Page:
Retold classics are a big business, and many of us are fans. Barbara Kingsolver’s Demon Copperhead, a retelling of David Copperfield, won the Pulitzer Prize and the Women’s Prize this year; and Louisa Hall’s Reproduction, a novel about a pregnant woman writing a novel about Mary Shelley, which also includes a novella about her friend’s Frankenstein-like effort to conceive, has been widely acclaimed.
And with my predilection for retold classics, it was only a matter of time before I picked up Silvia Moreno-Garcia’s The Daughter of Doctor Moreau, a retelling of H. G. Wells’s The Island of Dr. Moreau.
In Wells’s disturbing 1896 science fiction novel, set on a remote island, Dr. Moreau is a mad scientist – a later version of Mary Shelley’s Dr. Frankenstein. He works to create an improved race of men, infusing animals with human characteristics. When the narrator, Edward Prendick, is shipwrecked on the island, Dr. Moreau and his assistant, Montgomery, reluctantly allow him to stay in a room next to Dr. Moreau’s locked lab. He is horrified by the sound of animals screaming as they undergo vivisection. Montgomery tries to placate Pendrick with feeble lies about the research. But on walks around the island, Pendrick meets Moreau’s hybrids, and wonders who these odd beings can be.
Before me… were three grotesque human figures. as evidently a female. The other two were men. They were naked, save for swathings of scarlet cloth about the middles, and their skins were of a dull pinkish drab color, such as I had seen in no savages before. They had fat, heavy, chinless faces, retreating foreheads, and a scant bristly hair upon their heads. Never before had I seen such bestial-looking creatures
One reason The Island of Dr. Moreau works so well is the presence of Prendick, the outsider. His appalled observations of the cruelty of Dr. Moreau, who rules his hybrids with a whip and threats, are especially vivid because of his shock, disgust and compassion for the hybrids. Vivisection was a big issue in the 19th century: Wells calls his readers’ attention to this horror. Montgomery, the insider, has worked so long with Moreau that he is almost completely insensitive.
Silvia Moreno-Garcia’s compelling novel, The Daughter of Doctor Moreau, is not quite science fiction. I would expect to find it with literary fiction, but I have also seen it in horror and SF. It reads like an unusually well-written Gothic romance, set on a lush, isolated estate in the 19th century in Yucatan, a peninsula in Mexico. Here we have a kinder, gentler Doctor Moreau, whose hybrids are born in pain but are reasonably well-treated afterwards. Although the hybrids are oppressed and in varying degrees of health, they are more human than Wells’s hybrids and live in their own huts. But they long to leave: they stay because they are weak and need medication. But they are not a secret: Doctor Moreau’s daughter, Carlota, grows up with them, and considers Lupe her sister and Cachito a lively companion.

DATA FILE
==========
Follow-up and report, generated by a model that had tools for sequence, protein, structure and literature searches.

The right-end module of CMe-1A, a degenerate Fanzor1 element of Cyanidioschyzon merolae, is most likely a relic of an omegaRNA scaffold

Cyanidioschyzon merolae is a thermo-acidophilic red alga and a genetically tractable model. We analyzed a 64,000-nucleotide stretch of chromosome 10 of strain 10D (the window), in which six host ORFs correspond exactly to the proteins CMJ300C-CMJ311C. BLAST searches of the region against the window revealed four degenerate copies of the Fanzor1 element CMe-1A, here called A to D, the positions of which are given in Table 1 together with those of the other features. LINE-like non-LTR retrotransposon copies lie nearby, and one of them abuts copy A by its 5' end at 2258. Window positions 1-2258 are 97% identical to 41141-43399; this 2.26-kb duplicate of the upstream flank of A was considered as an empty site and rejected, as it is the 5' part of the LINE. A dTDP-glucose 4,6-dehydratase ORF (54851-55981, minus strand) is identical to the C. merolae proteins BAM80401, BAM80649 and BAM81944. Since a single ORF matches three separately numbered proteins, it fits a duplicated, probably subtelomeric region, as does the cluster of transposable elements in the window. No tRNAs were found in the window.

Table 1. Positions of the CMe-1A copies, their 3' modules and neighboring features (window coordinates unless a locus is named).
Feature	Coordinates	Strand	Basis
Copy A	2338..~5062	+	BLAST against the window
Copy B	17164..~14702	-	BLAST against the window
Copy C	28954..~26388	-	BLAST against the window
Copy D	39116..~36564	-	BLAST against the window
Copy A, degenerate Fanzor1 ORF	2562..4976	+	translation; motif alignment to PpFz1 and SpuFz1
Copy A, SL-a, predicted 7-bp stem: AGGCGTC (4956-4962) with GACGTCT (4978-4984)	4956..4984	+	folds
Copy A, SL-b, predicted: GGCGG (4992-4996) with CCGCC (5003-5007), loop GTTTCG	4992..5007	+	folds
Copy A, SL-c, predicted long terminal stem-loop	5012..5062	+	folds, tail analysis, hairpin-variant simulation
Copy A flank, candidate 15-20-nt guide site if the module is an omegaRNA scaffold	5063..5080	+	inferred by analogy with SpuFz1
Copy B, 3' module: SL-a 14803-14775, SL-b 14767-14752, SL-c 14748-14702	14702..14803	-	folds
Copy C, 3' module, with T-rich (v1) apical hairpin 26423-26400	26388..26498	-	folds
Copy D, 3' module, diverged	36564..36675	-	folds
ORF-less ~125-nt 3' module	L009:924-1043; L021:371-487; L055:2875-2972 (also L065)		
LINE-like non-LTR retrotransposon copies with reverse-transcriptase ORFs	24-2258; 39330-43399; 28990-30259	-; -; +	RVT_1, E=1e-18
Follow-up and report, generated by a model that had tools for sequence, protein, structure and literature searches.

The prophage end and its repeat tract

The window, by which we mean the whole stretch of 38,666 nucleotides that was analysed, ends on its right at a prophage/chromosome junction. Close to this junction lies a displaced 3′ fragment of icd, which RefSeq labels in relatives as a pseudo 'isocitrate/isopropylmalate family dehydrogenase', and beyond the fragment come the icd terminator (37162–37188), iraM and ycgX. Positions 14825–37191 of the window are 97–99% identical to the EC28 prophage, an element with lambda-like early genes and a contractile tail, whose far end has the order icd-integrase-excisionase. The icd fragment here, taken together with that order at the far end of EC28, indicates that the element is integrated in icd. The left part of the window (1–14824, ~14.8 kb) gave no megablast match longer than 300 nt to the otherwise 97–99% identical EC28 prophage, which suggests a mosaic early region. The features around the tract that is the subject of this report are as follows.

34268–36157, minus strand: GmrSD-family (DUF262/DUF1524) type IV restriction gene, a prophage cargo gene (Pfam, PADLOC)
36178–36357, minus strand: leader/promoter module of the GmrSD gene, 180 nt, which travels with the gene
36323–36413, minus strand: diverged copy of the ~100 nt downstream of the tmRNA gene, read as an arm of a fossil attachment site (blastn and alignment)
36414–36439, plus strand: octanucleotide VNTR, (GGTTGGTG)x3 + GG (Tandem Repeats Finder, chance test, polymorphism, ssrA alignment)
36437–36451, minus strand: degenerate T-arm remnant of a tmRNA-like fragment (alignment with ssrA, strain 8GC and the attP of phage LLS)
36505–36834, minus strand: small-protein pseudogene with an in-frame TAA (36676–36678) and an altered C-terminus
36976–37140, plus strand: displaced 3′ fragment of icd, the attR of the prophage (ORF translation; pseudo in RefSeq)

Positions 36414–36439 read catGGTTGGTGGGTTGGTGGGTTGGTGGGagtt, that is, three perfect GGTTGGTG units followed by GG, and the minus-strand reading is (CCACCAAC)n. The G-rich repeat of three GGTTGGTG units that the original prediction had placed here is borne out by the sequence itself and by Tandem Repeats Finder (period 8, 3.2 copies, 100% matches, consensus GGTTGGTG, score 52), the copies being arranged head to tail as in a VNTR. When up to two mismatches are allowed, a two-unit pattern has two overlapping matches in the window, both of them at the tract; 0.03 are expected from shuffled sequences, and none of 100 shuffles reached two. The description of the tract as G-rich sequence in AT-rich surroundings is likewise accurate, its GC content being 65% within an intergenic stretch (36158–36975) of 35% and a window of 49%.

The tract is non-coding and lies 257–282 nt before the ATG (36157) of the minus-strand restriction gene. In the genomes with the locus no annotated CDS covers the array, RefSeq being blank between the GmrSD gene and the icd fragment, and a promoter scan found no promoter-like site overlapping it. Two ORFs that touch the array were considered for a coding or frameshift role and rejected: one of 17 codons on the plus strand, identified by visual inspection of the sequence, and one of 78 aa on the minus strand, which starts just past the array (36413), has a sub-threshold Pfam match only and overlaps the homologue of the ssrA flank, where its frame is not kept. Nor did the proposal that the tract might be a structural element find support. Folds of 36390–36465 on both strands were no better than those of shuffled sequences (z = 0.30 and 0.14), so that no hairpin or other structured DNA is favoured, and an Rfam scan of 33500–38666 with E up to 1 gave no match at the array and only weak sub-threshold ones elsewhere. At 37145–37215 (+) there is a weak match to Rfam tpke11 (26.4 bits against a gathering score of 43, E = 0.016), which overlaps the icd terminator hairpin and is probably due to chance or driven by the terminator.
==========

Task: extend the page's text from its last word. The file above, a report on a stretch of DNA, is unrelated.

Carlota feels that she lives in Paradise. She has no desire ever to travel. She is curious about the world, but experiences it through books and conversations with Montgomery, her father’s alcoholic assistant. There is no romance between them, though Montgomery is certainly protective. And he is a bit like Heathcliff: brooding and inelegant, but at the same time attractive – especially when he takes off his shirt and swims!
The trouble begins when Doctor Moreau determines to marry off Carlota to his rich landlord Mr. Lizalde’s son. He needs a contract that will ensure he can continue to live on the estate and do his research. Not surprisingly, he considers Carlota his property, though she is a free spirit and a natural feminist.
Carlota is not interested in marriage – she has never known a young man – until she meets Eduardo Lizalde, a dark, handsome man with charm, good manners, and a strong sex drive. Montgomery recognizes Eduardo as a rake, and doubts that Eduardo has any intention of marrying Carlota, but Carlota is enchanted.
Enchantment cannot last. There are too many family secrets. And then there is an uprising of the hybrids.
Moreno-Garcia also has a political agenda: in the Afterword, she reveals that there was an uprising of the native Mayans of Yucatan against the Mexicans and other powerful landowners. This is a fascinating political allegory, as well as a retelling of Wells’s novel. Overall it is brilliant, though the ending is rather like weak tea after several shots of espresso. I do look forward to reading more of Moreno-Garcia’s novels.